Carbon offsets as a potential source of revenue

Carbon offsets as a potential source of revenue

February 28, 2022 | By Christy Rivera in New York and Adrienne Sebring in New York

Renewable energy developers are showing more interest in the voluntary carbon offset market as a potential source of additional revenue for their projects.

Most trading is over the counter. There are various exchanges on which trades can be made. Prices for "avoidance" offsets, which are the kind generated by wind and solar projects, were averaging $7 a ton in February as the NewsWire went to press.

Technology companies, airlines and oil and gas companies have been among the early buyers.

Demand is expected to increase as more companies look to offset their carbon emissions for reputational reasons.

Almost 200 companies committed to "net zero" emissions by signing the Paris climate accord. Many more have made similar pledges since the COP26 UN climate summit in Glasgow in October 2021. These companies can credit carbon offsets purchased in the voluntary carbon offset market toward reaching these goals, as long as certain rules established by article 6 of the Paris climate accord are followed.

However, the lack of standards and quality controls are dampening demand. Companies are reluctant to buy offsets without a way to verify that the promised carbon reductions have actually been delivered.

Once the market can get past these issues, look for offset prices to rise significantly. All signs point to extreme future growth in demand.

Offsets v. Credits

A carbon offset is different from a carbon credit.

A carbon offset represents one metric ton of carbon dioxide or equivalent greenhouse gases that has been avoided or permanently removed from the atmosphere. For example, wind and solar projects can create carbon offsets because the energy produced by these renewable energy projects reduces the amount of energy that must be procured from other projects using fossil fuels. Carbon offsets can also be created by planting and preserving forests that absorb carbon dioxide. There are also various experimental offsets being researched, including enzymes that capture carbon and other processes that capture CO2 in the ocean and turn it into a usable product.

Carbon offsets are traded in voluntary markets, meaning no one is compelled to buy them. The demand for them comes from companies that have set voluntary emissions reductions targets that can be met either by reducing their own emissions directly or effectively by paying someone else to do something that reduces emissions.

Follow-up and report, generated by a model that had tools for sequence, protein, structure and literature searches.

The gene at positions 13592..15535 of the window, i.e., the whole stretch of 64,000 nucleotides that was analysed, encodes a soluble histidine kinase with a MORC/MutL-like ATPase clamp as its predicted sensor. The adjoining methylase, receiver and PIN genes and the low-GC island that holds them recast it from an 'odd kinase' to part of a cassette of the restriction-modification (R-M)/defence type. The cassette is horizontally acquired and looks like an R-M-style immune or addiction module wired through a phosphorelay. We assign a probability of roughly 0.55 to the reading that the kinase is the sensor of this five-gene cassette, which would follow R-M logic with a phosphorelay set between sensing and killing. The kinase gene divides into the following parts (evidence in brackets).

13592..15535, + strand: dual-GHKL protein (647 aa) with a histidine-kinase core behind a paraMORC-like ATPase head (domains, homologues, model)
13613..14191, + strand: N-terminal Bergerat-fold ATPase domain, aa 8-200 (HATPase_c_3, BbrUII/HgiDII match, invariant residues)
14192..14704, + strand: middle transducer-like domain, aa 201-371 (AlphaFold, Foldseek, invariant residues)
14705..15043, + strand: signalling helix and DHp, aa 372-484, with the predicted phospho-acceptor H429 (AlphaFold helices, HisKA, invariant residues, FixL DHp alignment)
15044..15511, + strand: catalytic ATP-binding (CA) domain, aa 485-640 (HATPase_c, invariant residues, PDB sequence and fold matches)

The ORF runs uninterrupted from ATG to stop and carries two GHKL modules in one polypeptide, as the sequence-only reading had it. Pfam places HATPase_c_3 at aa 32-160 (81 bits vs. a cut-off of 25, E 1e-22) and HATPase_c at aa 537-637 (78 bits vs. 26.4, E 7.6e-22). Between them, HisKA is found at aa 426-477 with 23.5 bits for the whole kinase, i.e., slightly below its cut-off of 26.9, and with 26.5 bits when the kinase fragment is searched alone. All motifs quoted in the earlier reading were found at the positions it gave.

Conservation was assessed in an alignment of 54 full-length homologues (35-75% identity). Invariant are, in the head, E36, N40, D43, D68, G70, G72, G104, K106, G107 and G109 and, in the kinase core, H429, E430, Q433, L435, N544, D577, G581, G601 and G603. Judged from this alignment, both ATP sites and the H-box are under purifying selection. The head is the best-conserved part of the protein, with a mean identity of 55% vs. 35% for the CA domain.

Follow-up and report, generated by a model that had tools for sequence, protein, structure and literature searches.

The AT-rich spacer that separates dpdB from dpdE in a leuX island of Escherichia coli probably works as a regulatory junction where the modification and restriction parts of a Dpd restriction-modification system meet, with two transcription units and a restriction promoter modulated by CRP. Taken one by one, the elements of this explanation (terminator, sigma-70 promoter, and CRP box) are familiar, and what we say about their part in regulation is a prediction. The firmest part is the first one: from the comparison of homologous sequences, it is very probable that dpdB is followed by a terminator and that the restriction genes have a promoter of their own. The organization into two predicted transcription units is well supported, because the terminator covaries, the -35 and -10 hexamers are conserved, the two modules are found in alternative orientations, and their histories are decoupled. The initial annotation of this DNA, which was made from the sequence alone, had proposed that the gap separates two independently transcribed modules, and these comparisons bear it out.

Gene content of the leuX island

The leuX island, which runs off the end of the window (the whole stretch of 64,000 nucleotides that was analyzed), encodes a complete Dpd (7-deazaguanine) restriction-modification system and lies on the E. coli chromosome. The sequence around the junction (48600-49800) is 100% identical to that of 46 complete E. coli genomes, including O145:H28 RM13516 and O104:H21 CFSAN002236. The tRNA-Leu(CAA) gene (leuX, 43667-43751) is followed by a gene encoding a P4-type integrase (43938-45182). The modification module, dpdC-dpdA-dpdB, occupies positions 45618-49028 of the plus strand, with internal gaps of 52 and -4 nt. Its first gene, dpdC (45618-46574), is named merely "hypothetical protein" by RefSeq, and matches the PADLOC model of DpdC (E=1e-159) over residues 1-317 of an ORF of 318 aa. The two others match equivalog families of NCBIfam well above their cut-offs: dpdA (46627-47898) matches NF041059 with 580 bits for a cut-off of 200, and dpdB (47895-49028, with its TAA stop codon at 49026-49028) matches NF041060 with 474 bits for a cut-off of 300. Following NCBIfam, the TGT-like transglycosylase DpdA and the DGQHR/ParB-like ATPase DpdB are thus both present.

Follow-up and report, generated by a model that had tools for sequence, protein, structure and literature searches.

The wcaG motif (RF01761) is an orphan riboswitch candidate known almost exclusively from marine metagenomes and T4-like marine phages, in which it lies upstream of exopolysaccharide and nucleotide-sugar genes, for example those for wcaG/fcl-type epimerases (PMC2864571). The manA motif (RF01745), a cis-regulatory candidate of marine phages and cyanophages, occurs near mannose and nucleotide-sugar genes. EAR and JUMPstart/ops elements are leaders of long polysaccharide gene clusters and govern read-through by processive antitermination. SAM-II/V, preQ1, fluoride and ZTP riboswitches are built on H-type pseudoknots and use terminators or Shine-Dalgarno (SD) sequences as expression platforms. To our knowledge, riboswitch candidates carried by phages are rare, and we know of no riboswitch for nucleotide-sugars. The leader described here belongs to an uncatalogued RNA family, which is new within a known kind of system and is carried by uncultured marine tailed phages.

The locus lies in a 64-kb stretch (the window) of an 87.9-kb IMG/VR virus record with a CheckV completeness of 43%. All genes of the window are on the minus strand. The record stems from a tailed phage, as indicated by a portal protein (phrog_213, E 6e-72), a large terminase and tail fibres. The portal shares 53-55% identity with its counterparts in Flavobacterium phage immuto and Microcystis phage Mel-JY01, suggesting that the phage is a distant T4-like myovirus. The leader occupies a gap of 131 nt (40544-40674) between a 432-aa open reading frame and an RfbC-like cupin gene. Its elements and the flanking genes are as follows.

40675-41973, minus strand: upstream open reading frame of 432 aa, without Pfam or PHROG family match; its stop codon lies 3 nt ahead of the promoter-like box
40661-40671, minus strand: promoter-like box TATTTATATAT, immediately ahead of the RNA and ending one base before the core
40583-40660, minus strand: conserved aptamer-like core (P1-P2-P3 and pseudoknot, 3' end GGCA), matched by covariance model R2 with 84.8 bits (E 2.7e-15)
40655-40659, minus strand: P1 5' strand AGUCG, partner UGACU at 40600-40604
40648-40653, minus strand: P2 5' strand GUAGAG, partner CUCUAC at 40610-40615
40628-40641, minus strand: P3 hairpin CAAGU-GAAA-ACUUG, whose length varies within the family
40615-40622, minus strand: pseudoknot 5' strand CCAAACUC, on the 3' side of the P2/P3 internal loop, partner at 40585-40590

In contrast, a carbon credit is a tradeable permit, or right, that allows the holder to emit one metric ton of carbon dioxide or greenhouse gas into the atmosphere. Carbon credits are a creature of government regulations that limit the amount of CO2 or greenhouse gas that can be emitted. When a company subject to such regulation finishes below its required emissions cap, the company earns a carbon credit for every metric ton it is under its cap. It can then sell its carbon credits to other regulated companies that can use the purchased carbon credits to reduce the amount of CO2 or greenhouse gas that they are deemed to emit.

Carbon credits are traded in compliance markets. Trading is limited to the entities and regions covered by the compliance market. Europe is in the forefront of the compliance market with the EU actively managing prices at which credits trade. In the United States, the only large compliance carbon offset program is in California, where the California Air Resources Board oversees trading in "ARB offset credits" which are issued by the Air Resources Board to projects that meet specific requirements.

Companies trade carbon credits because they have to, and they trade carbon offsets because they want to.

The more valuable carbon offsets are those issued by programs with more rigorous rules and standards for offsets.

Voluntary Programs

There are several voluntary carbon offset programs that register projects in the United States, including the American Carbon Registry, the Verified Carbon Standard and the Climate Action Reserve. Once projects are certified and registered by such a program, then the registrant can sell the offsets on the open market. Each program has its own criteria and a dizzying number of acronyms.

The American Carbon Registry standard v7.0 sets out the eligibility criteria for registration of project-based carbon offsets. Following its requirements, according to the American Carbon Registry, will "ensure that project-based offsets represent emissions reductions and removals that are real, additional, permanent, net of leakage, accurately and conservatively quantified, verified by a competent independent third party, and used only once."

Projects verified by the American Carbon Registry are issued verified emissions reductions (VERs).

Projects verified by the Climate Action Reserve end up with registered offsets called Climate Reserve tons (CRTs). CRTs can be converted into verified carbon units (VCUs) and transferred to a VCU registry with Verra.

The carbon offsets created under these programs are traded on various platforms. Each platform is nothing more than a registry. The main voluntary carbon offset registries include the American Carbon Registry, APX Inc., Markit and Verra.

Trading on the American Carbon Registry and Verra is limited to offsets created under programs administered by those platforms while trading on Markit and APX is of multiple environmental-related credits. For example, APX partners with multiple carbon offset programs and administers registries for VCUs, CRTs and VERs.

Valuing Offsets